Bring back the postcard!
Help keep this fun form of communication from becoming extinct
Sustain friendship, sustain the post office (and sustain the skill of handwriting)
Those who know me well know that I am an avid letter writer. I love sitting quietly in the evening writing a letter or postcard to a friend or family member, even if—as is occasionally the case—that person lives no farther than the other side of Chico. I derive similar pleasure from receiving handwritten correspondence in the mail.
Fittingly, my friend Tom S.—a former Chicoan living in Eugene, Ore., who corresponds with me regularly—recently mailed me an article clipped from The Oregonian newspaper titled “The postcard’s stormy birth.” It details the history of the “open-post sheet,” as the postcard was first termed in 1865 when German postal official Heinrich von Stephan proposed it. His idea was rejected, however, as being “too radical”: “Who would forgo their privacy, even for the sake of convenience and frugality?”
In 1869, a similar proposal was accepted by the Austrian post office, and “[t]hree million postcards passed through the Austrian post office within the first three months.” It wasn’t long before the postcard took off worldwide as a revolutionary, inexpensive means of communication.
Fast forward to today: The postcard remains a relatively cheap way to communicate (a domestic postcard stamp is 33 cents; international, $1.10), but has been pushed to the tumbleweed-filled sidelines of communication methods thanks to such Internet “equivalents” (Christine does not agree, hence the quotation marks) as Twitter and Instagram.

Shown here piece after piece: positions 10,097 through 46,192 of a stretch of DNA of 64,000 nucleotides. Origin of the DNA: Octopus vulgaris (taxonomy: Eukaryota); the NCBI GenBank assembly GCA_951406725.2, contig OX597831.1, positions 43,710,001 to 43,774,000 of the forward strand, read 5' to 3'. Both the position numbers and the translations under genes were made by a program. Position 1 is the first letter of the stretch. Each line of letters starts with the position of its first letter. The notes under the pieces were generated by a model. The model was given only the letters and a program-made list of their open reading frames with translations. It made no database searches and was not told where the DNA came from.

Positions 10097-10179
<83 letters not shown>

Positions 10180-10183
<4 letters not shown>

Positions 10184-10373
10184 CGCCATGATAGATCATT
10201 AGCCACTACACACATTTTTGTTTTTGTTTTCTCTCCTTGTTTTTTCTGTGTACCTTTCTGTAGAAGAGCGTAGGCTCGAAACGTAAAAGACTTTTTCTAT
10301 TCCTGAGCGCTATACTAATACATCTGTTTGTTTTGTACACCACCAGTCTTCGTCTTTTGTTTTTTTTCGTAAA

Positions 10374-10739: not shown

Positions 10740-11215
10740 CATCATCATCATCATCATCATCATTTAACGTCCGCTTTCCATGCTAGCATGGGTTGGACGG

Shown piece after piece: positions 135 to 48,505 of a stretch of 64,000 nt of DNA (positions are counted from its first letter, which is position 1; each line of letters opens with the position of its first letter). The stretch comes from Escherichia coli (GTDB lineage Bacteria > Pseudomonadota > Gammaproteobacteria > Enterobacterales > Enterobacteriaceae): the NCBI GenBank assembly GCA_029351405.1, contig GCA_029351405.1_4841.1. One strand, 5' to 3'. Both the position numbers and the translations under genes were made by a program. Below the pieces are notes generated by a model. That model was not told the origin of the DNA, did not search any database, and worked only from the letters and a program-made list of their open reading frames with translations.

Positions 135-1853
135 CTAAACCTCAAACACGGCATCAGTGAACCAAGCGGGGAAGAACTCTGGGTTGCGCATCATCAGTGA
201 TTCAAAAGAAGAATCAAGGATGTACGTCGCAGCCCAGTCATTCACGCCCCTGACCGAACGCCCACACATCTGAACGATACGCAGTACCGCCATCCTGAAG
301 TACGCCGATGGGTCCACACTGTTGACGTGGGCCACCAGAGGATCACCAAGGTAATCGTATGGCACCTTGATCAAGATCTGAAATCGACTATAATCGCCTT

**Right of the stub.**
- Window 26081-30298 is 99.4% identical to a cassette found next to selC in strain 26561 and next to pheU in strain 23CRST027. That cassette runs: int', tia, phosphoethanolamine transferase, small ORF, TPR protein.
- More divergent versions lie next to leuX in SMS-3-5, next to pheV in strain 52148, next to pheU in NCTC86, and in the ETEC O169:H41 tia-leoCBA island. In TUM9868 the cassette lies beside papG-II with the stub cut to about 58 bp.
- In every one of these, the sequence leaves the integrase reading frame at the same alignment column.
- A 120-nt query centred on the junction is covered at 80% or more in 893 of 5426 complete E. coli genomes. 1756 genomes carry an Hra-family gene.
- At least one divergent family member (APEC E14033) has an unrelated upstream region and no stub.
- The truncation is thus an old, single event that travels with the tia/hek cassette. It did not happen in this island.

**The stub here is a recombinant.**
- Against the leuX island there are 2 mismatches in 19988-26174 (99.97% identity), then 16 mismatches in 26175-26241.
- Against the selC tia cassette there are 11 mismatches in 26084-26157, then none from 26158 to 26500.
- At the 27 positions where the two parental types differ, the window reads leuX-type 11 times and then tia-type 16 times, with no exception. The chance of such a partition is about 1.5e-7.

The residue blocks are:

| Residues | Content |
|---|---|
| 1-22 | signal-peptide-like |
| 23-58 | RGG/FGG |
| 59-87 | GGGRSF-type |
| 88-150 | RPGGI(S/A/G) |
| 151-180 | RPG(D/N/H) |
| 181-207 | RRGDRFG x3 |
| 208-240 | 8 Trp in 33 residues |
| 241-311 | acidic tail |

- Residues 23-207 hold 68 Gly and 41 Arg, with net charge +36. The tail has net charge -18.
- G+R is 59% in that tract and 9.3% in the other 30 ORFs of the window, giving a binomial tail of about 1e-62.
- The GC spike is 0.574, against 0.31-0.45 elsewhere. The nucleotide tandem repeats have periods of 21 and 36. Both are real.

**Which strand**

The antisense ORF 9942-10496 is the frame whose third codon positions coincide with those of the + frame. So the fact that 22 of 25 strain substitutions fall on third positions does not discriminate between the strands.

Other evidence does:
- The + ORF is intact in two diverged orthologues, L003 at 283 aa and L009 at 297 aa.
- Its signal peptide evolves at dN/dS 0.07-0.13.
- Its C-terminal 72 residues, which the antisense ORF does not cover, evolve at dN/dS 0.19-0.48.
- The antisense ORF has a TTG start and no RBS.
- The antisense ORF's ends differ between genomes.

“We need to create a campaign to bring back the postcard,” wrote Tom. “How about writing something in the N&R about postcard pen-pals?”
’Nuff said, my friend.
I offer that the postcard is a wonderful, not-too-complicated way for one to not only communicate with pals (with the unique intimacy that comes from writing with one’s own hand, and perhaps a favorite pen), but also to be creative and eco-friendly at the same time. Pieces of cardboard from the backs of used-up notepads, for instance, make great canvases on which to create magnificent, one-of-a-kind postcards. Used postcards also work well—just glue a piece of paper on the back and reuse; local antique shops are loaded with boxes of old postcards, some of them very cool-looking. Speaking of antique stores, there’s a vendor at Eighth & Main Antique Center that sells old black-and-white photographs that are perfect for gluing onto cardboard or card stock for this purpose.
Bird in Hand (320 Broadway) has a nice selection of brand-new postcards, including a number of Chico-centric ones.
The Oregonian article mentioned a female friend of the author who “recently found out that her 25-year-old brother had never received a postcard in his life. … [She] seemed to imply that no one cared enough to take the trouble to buy a simple postcard and stamp, write a few lines and mail it to him. She decided to be the first.
“Perhaps we have it backward,” the article continued. “We seek communication that is easy and effortless [such as what takes place via the Internet], and think that will foster genuine communication. But what truly matters is the trouble we take.”
If you, GreenHouse reader, do not know the pleasure of writing a postcard, take the “trouble” to make one (or buy one) and send it to someone.
Here’s my challenge to you: Make a postcard and send it to me at the Chico News & Review, 353 E. Second St., Chico, CA 95928. I will publish some of my favorites (read: most creative, interesting use of recycled materials) in a future column.